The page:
In the 1976 thriller Marathon Man, Nazi war criminal Dr. Christian Szell tortures runner "Babe" Levy to find out whether it's safe for him to retrieve diamonds stored in a bank deposit box.
"Is it safe?" Szell asks repeatedly. Levy, who doesn't know, can't provide a satisfactory answer.
It isn't safe online, but many people try to achieve some measure of security by keeping their passwords safe in their heads.
"No one can hack my mind," explained one person responding to Google researchers about security practices.
Someone could beat you about the head, a technique euphemistically known as "rubber-hose cryptanalysis," to obtain your secrets. It didn't work in Marathon Man, but it can.
Fortunately, that's not a scenario likely to concern most Internet users. But it demonstrates one of several vulnerabilities that come with trying to remember passwords. There's another issue that may be more relevant: Memory doesn't scale. Trying to remember multiple passwords, if they're as complex as they should be, is a recipe for failure.
Google software engineer Iulia Ion, research scientist Rob Reeder, and user experience researcher Sunny Consolvo set out to explore the difference between security experts and the rest of us. They detailed their findings in the paper "Comparing Expert and Non-Expert Security Practices," which they presented at last week's Symposium on Usable Privacy and Security.
[ Are we our own worst enemies when it comes to security? Read Google: Your Password Security Questions Are Terrible. ]
The difference in security practices between the two groups is striking. The researchers conducted two surveys -- one polling 231 security experts and the other polling 294 Internet users who are not security experts. The latter group was recruited from Amazon's Mechanical Turk crowdsourcing platform.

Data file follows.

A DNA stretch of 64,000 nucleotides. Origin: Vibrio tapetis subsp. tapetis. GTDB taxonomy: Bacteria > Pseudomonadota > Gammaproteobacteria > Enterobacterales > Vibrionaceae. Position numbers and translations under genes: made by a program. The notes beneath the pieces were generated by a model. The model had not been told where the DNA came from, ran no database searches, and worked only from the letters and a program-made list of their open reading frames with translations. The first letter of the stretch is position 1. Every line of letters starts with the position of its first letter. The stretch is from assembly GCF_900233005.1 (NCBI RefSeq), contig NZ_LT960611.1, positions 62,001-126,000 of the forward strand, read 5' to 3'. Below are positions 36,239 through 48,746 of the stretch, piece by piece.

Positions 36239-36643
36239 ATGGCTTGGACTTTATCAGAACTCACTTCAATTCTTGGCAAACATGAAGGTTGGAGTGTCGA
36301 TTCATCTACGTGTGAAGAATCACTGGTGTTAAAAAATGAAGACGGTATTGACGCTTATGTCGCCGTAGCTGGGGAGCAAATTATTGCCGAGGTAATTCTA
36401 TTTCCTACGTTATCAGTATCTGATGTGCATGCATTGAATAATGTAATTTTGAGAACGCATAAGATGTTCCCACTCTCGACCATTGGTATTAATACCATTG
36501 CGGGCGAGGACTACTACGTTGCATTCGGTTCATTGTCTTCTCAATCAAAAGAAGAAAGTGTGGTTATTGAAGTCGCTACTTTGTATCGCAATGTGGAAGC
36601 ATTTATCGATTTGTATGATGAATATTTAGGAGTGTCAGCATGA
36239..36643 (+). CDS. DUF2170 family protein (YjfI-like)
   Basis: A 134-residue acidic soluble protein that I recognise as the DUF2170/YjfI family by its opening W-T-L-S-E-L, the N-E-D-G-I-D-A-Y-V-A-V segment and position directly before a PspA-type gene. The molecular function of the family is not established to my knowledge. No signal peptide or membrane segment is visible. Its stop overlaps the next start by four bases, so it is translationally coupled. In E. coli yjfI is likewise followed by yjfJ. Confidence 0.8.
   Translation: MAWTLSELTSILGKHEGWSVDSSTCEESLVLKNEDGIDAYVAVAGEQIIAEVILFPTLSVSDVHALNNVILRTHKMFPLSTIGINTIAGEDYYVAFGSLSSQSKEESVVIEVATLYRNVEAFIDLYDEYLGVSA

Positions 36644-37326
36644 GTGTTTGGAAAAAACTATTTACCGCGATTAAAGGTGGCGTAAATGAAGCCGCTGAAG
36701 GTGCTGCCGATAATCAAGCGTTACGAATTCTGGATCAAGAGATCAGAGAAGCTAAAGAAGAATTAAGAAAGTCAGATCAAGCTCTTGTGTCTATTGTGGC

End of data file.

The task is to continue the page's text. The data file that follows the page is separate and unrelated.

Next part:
Among respondents who are not security experts, 42% consider the use of antivirus software to be among the top three things one can do to stay safe online. Only 7% of the security experts polled believe that. Instead, experts prefer keeping software updated. "AV is simple to use, but less effective than installing updates," said one.
When it comes to passwords, only 24% of non-experts polled said they used password managers for at least some of their accounts, compared to 73% of experts. The research paper suggested that non-experts don't trust password management companies. That may not be an entirely unreasonable stance, given the recently reported breach of LastPass. However, experts observed that using a password manager allows people to have passwords that are both strong and unique.
Non-unique passwords present a risk, because attackers will often try passwords they obtain at other websites to find accounts they can hijack. If they're successful, further compromises may follow.
A third point of differentiation between security experts and non-experts is the use of two-factor authentication. Eighty-nine percent of security experts polled said they used two-factor authentication, compared to 69% of non-experts. Some 12% of non-experts said they didn't know whether they use two-factor authentication – which probably means they don't.
Security experts don't always follow their own advice – the report noted that 38% of security experts admitted to clicking on links in email messages from unknown senders, compared to only 12% of non-experts -- so perhaps each group can learn from the other.
The report's major shortcoming, beyond limitations identified in the study, is the absence of data on the results of these security practices. Is it safe if we patch, use a password manager, and employ two-factor authentication? We may think we know, but it's difficult to be certain.